To actually handle a request, you need to set a handler for when it matches one of your routes. While closure is a quick way to do it, it becomes messy once your handling logic becomes more complex. In such situations, you need a place to put and organize your logic. Controllers are where you do exactly that.

Controllers are an integral part of an Alpas web app and go hand-in-hand with routing.

Not just for organizing your handler logic, controllers also come with some handy helper functions—such as flash, queue, etc. to make it easier to handle an incoming call.

/tip/ All your app controllers are stored under controllers folder by default. You can organize your controllers in subfolders. We highly recommend that you do so.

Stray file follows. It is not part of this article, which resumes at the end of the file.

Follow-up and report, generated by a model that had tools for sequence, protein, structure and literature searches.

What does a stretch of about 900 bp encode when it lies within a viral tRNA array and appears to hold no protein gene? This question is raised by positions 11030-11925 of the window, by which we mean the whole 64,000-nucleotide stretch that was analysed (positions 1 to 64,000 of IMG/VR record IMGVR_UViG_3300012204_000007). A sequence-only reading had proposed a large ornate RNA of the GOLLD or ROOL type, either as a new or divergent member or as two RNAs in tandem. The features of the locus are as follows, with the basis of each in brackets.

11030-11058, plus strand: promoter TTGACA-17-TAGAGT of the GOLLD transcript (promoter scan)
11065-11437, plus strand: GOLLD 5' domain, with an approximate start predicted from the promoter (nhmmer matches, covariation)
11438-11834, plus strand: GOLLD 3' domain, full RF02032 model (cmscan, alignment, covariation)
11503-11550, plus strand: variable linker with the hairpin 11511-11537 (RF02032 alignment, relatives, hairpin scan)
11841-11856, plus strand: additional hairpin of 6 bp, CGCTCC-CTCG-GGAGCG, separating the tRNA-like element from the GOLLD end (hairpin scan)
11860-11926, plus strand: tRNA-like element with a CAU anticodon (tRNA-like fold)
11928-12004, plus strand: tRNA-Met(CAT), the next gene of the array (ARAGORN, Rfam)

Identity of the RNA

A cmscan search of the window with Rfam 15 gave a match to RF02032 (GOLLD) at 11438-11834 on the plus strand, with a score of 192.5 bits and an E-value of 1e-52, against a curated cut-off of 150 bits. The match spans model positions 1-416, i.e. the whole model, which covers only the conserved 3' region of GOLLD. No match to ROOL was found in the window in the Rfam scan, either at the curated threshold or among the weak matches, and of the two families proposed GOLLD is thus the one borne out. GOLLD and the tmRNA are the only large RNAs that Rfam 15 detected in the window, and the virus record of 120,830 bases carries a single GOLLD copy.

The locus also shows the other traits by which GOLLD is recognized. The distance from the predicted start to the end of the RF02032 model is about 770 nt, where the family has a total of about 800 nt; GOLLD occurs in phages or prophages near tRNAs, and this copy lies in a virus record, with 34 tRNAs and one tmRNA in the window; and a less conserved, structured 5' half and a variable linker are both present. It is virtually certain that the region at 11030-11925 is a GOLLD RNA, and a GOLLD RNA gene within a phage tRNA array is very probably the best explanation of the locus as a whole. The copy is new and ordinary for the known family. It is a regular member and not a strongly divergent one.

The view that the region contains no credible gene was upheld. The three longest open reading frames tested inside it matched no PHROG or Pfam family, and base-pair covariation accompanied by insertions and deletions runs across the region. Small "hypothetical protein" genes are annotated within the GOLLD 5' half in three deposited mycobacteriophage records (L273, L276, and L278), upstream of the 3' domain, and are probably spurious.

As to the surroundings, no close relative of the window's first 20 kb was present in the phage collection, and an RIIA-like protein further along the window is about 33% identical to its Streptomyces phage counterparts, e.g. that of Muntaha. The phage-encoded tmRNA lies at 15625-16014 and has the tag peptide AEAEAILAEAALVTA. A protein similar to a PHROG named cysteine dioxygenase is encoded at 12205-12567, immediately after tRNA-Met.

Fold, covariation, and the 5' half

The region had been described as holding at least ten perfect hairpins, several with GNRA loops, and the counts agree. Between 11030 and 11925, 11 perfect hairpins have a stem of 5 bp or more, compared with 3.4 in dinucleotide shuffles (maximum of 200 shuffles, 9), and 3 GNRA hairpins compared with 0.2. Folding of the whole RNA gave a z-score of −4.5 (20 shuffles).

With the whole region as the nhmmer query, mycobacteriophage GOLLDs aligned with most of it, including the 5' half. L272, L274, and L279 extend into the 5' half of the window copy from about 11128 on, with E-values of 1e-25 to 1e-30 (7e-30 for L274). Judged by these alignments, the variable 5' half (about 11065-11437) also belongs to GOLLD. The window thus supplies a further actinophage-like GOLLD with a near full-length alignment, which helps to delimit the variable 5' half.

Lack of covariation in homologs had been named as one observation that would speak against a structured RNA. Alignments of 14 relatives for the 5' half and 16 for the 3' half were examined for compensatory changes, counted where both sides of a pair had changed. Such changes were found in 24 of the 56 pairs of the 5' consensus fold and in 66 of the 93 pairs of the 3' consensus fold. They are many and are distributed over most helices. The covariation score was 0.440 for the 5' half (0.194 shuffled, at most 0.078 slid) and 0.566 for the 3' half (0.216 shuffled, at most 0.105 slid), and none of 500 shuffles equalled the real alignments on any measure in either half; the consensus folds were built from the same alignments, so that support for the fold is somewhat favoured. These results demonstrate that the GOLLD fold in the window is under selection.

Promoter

Creating Controllers

You can manually create a controller by creating a class that extends dev.alpas.routing.Controller class. Or you can use alpas make:controller Alpas command to create one or multiple controllers in one shot.

# creates AdminController.kt file under controllers/admin folder
$ alpas make:controller admin/AdminController

# creates DocsController.kt and HomeController.kt files under controllers folder
$ alpas make:controller DocsController HomeController

class DocsController : Controller() {
    fun show(call: HttpCall) {
        call.reply("Hello, Visitor!")

Using Controllers

When referring a controller from your router, you should never create an instance of it directly and should only refer it as a KClass.

fun Router.addRoutes() {
    get("/docs", DocsController::class, "show")

All the controller's route handler methods receive an HttpContext object as an argument.